Listening to Robert Reich’s explanation about why people are deserting the work force, I realize that I did what he is describing — bailed out by accepting a much less comfortable lifestyle — twenty years ago. But in that twenty years things have gotten much worse along the same lines. I thought the bad stuff was because I was in a big city and that was partly true. I was working for the City of Portland where I had been born in 1939 and where my parents had thought they were on the bedrock of modern life.
I financed my jump partly by planning: scouting small High Line villages near the Blackfeet rez, paying off my pickup, acquiring clothes I could wear in a rural setting, and living low to the ground — not even picking up minor ties to local writing. When my mother died, that was my ticket out. I took a few vacation days to drive to Valier, bought this house on the day I saw it, which was possible because I had already made a check list and because I hit town at a time when sales came hard. I paid full price, though people told me I was a fool because I should have used the equity to buy a second house to rent for income.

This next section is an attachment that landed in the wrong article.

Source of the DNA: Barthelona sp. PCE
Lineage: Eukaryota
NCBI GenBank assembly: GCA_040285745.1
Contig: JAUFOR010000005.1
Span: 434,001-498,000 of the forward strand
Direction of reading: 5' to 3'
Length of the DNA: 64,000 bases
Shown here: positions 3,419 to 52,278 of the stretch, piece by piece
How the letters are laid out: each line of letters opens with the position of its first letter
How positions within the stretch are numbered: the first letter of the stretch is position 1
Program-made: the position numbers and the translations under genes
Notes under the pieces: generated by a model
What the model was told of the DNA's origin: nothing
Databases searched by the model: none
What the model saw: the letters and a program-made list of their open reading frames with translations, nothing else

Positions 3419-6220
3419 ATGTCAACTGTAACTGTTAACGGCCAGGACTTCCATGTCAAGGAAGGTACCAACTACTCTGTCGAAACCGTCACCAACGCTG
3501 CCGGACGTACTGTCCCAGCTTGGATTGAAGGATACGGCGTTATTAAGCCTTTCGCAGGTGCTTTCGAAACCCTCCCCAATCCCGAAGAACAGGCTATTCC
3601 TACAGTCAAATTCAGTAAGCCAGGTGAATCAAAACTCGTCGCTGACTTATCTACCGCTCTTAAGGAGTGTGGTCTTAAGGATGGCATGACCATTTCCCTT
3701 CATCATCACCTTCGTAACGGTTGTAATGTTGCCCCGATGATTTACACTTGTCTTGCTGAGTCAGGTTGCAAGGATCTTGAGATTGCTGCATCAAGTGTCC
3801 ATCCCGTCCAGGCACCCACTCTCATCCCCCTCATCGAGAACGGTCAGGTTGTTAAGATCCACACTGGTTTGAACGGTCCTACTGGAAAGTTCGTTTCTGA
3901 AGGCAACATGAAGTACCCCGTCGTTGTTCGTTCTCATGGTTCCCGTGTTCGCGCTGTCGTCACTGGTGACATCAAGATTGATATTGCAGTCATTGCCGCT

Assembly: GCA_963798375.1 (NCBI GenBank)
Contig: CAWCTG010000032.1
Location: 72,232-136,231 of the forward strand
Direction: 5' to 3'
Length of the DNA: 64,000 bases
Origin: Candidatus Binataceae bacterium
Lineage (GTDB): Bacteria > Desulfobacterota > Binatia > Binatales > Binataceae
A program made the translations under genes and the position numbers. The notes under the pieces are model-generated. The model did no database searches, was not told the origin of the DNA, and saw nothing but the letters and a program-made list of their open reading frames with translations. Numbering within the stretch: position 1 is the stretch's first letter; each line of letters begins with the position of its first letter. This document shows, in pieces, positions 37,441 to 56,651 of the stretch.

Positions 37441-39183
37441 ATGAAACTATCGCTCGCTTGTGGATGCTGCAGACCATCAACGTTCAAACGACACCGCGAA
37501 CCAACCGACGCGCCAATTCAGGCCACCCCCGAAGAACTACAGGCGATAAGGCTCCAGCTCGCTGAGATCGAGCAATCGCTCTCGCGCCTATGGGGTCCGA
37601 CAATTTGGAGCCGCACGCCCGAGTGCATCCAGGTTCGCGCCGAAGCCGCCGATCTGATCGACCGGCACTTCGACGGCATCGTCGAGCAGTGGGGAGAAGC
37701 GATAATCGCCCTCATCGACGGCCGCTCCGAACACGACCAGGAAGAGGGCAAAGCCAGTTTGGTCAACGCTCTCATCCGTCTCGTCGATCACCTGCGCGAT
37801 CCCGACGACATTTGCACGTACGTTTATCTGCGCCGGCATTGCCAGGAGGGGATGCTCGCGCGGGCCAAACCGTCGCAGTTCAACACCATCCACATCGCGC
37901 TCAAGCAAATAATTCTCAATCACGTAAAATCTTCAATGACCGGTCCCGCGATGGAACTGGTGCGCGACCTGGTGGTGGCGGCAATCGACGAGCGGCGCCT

My goal was not money. It was Time. Right now. I might not live much longer. So my next enabling factor was a short gap before retirement, a scary time. The third leg was a small job with a local advertising paper which turned out to be corrupt and soon fell through. I had already remembered from the Sixties how people around here cut corners both legally and illegally. My whole family has always been willing to live on peanut butter sandwiches for long stretches. My luxuries were books and I already had enough to read for many years. My first undergrad years in theatre were crucial in framing a role with a “spine.”